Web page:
SPC Geoscience Division

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Corporate Services Support

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Corporate Services Support

Corporate Services was a strong part of SOPAC "The Commission" and provided the substantive administrative and financial services support demanded by the established regulatory framework of the Commission's Governing Council.

These functions will transfer and integrate, to a large extent, into the Corporate Services of the SPC. It is anticipated that this process will be progressive throughout 2011, and will enable a review of skills needs and capacity to be undertaken. Thus, for 2011, the Strategic Plan acknowledges that the SOPAC Division campus on Mead Road will continue to house and provide the current level of corporate service support.

Corporate Services, including through Programme Assistants, will support the three technical work programmes of the Division by ensuring effective policies and practices are in place for the orderly and efficient delivery of work. Corporate Services support to the Division will consist of the facilities below and will become progressively fully integrated within the SPC from 1 January 2011.

Finance
Finance manages all the financial transactions of the Division, including the preparation of the annual work plan and budget and the presentation of the annual Financial Statement of Accounts.
Administration
Administration manages the offices of the physical premises of the Division and its staffing, and maintains daily divisional office routines according to the rules and regulations.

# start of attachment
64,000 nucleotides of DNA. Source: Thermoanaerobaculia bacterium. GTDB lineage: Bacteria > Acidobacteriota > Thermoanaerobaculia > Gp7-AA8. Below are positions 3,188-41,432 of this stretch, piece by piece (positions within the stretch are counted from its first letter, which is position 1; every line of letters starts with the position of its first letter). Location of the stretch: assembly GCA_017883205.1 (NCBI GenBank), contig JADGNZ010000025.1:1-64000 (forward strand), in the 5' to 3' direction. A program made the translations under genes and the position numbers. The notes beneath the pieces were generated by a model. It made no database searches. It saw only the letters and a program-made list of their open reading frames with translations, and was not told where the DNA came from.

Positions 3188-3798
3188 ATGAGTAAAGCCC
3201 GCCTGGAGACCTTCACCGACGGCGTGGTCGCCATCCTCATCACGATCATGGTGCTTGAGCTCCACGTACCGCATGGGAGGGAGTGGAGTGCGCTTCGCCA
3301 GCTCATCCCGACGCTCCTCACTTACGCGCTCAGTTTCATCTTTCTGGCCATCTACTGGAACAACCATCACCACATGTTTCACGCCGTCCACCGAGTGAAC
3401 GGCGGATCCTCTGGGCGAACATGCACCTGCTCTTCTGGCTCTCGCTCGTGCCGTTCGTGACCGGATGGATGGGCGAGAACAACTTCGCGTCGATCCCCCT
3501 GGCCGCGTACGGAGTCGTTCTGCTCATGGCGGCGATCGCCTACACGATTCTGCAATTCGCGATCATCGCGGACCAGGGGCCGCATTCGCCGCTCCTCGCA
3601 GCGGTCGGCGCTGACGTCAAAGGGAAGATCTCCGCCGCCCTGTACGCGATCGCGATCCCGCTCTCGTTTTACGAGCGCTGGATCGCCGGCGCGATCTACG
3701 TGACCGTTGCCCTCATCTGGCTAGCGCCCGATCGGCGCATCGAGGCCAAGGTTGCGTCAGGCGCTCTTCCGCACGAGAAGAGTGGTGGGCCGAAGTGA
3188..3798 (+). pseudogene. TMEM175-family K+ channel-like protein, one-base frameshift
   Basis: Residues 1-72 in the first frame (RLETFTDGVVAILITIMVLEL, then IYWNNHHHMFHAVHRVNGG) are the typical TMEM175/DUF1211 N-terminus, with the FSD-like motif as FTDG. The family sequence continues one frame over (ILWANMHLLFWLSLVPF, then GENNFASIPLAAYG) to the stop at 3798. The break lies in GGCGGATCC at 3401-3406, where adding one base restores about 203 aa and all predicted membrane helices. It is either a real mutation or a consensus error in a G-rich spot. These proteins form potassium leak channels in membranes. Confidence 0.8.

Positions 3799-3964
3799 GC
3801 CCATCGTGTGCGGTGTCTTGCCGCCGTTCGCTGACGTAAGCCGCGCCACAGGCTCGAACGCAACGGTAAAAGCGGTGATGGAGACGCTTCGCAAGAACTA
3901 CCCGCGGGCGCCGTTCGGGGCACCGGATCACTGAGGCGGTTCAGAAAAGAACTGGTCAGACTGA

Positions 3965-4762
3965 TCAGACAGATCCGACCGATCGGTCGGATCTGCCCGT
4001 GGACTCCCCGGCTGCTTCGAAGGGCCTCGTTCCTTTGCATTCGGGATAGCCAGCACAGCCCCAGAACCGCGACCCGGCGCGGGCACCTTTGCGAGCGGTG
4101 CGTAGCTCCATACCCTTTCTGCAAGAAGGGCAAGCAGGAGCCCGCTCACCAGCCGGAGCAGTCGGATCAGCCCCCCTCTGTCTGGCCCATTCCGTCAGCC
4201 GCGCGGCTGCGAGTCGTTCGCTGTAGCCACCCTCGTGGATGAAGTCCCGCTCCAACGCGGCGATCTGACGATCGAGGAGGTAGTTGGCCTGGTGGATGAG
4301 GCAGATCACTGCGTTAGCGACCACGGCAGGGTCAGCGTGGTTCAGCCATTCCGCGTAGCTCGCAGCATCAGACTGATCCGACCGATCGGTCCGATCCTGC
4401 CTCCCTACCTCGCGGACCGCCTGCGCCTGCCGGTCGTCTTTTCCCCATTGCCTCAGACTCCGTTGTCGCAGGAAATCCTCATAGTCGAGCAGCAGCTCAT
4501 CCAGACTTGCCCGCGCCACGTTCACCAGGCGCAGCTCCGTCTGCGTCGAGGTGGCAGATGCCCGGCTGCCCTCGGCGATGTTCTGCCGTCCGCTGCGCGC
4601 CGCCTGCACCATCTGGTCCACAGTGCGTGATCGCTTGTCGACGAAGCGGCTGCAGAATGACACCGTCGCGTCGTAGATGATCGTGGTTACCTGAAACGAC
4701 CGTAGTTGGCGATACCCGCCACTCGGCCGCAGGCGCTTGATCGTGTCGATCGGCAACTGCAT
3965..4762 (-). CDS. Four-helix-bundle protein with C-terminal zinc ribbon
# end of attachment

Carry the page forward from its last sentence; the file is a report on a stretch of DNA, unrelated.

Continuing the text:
IT Support
IT Support is responsible for the ongoing operation, maintenance and development of a networked information system that supports the delivery of the work programmes, and facilitates access to new and historical data.

 

 

Last Updated on Friday, 21 January 2011 13:22  


Newsflash

Quarrying for sand gravel in Kiribati’s most populated atoll island South Tarawa will soon be replaced by a safer and a more sustainable alternative – lagoon dredging.

The Kiribati Government, through its European Union-funded Environmentally Safe Aggregates for Tarawa (ESAT) project, implemented by the Secretariat of the Pacific Community’s SOPAC Division, hopes to phase out beach aggregate mining on South Tarawa. The mining has caused severe coastal erosion problems on the already vulnerable atoll island.

Beach aggregate is a combination of sand, gravel, pebbles and stones primarily used in making concrete, road maintenance, the building industry and most general construction.

Through its Oceans and Islands Programme, SOPAC has undertaken technical work on coastal vulnerability on South Tarawa for many years. During this time, a continuing stress highlighted since the 1980s has been the damaging impact of beach mining on shoreline systems, caused by intense and unsustainable extraction of aggregates.

The ESAT project, which was established to explore alternative sources of beach aggregates, has identified Tarawa’s lagoon.